Environmental Lawyer Arrested for Taking on Chevron is Freed; Susan Sarandon Attends UWS Block Party to Celebrate

Steven Donziger freed

Left: Steven Donziger c/o @SDonziger on Twitter. Right: Susan Sarandon c/o GuillemMedina via Wikimedia Commons

Steven Donziger, an Upper West Sider and environmental lawyer who was arrested for taking on Big Oil, was freed today from house arrest, Donziger announced on Twitter.

“It’s over,” reads the tweet. “Just left with release papers in hand. Completely unjust that I spent even 1 day in this Kafkaesque situation.”

Donziger served nearly 1,000 days in arbitrary detention—including 45 days in prison and over 900 days under house arrest.


Donziger was charged in 2019 with criminal contempt of court for refusing to turn over his computer and other electronic devices to a district court judge, after fighting a long-standing battle with Chevron for ravaging the Amazonian rainforest. He had become an environmental hero after being found guilty and being placed under house arrest.

Donziger spent decades suing Texaco and then Chevron (which bought Texaco in 2001), challenging the oil giant with causing “a mass industrial poisoning in the Amazon that crushed the lives of Indigenous peoples.”

In 2011, an Ecuadorean court awarded his clients—30,000 indigenous people—$18 billion (a sum that was later reduced to $9.5 billion). Chevron said that Texaco’s $40 million cleanup in the 1990s had already been deemed sufficient by the country, and it countersued.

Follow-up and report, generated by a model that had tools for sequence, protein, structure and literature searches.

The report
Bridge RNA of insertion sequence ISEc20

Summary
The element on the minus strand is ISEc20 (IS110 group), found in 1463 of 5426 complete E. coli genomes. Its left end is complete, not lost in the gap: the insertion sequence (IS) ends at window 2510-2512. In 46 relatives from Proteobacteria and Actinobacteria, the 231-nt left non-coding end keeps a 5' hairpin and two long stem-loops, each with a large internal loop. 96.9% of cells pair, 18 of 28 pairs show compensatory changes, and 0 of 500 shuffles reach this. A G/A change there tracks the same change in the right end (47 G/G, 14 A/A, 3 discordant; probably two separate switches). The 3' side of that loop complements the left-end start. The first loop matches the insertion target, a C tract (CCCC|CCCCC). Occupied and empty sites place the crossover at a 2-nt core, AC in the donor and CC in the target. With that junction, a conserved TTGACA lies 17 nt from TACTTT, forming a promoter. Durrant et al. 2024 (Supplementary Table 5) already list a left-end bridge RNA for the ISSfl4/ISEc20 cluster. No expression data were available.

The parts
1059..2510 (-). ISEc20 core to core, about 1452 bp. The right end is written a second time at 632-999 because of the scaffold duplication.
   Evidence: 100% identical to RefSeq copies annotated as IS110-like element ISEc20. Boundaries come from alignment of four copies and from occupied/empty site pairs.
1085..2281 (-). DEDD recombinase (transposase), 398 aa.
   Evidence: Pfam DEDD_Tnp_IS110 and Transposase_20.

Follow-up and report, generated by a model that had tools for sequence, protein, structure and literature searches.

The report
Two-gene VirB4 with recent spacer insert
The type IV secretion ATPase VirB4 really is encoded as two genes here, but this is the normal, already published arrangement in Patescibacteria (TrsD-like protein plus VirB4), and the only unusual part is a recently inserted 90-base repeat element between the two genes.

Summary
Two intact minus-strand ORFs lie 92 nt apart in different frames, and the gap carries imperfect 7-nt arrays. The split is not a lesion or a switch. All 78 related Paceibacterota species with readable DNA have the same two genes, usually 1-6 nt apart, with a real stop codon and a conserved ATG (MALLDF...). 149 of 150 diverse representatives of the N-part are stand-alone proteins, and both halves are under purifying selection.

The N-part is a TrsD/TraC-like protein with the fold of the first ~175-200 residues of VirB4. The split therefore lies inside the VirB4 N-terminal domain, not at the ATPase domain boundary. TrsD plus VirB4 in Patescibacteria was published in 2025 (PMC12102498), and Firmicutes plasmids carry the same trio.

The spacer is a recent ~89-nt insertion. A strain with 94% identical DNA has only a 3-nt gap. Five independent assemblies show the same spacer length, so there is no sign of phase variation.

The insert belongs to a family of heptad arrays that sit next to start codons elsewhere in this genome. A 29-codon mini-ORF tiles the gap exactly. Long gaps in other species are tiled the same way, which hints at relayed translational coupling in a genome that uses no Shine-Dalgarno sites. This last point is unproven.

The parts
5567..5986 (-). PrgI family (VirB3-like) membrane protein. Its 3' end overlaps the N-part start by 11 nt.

Donziger had starred in a documentary, Crude, and the oil company insisted on seeing outtakes from the film as it attempted to discredit the lawyer’s methods. It charged Donziger’s team with ghostwriting an expert report and for bribing the judge, charges with Donziger denied.

Chevron filed a RICO (Racketeer Influenced and Corrupt Organizations) suit against Donziger, and in 2014, U.S. district court judge ruled in Chevron’s favor and said Chevron did not have to pay the $9.5 billion. But that wasn’t enough. Chevron sued Donziger again, demanding that he turn over his computer and electronic devices. Donziger refused, citing attorney-client confidentiality.


In 2019, the judge in the case took the highly unusual measure of appointing a private law firm to charge Donziger with criminal contempt of court, He was disbarred, placed under house arrest and found guilty in July 2021. In late October 2021, he began serving a six month jail sentence.

Twenty-nine Nobel Laureates described the treatment of Donziger as “judicial harassment,” and high-profile activists like Sting, Greta Thunberg and Alexandria Ocasio-Cortez rallied to support him.

On Monday, a block party took place at 245 West 104th Street — where Donziger lives — to celebrate his freedom. Speakers included Susan Sarandon and Chris Smalls, who led unionizing efforts against Amazon.

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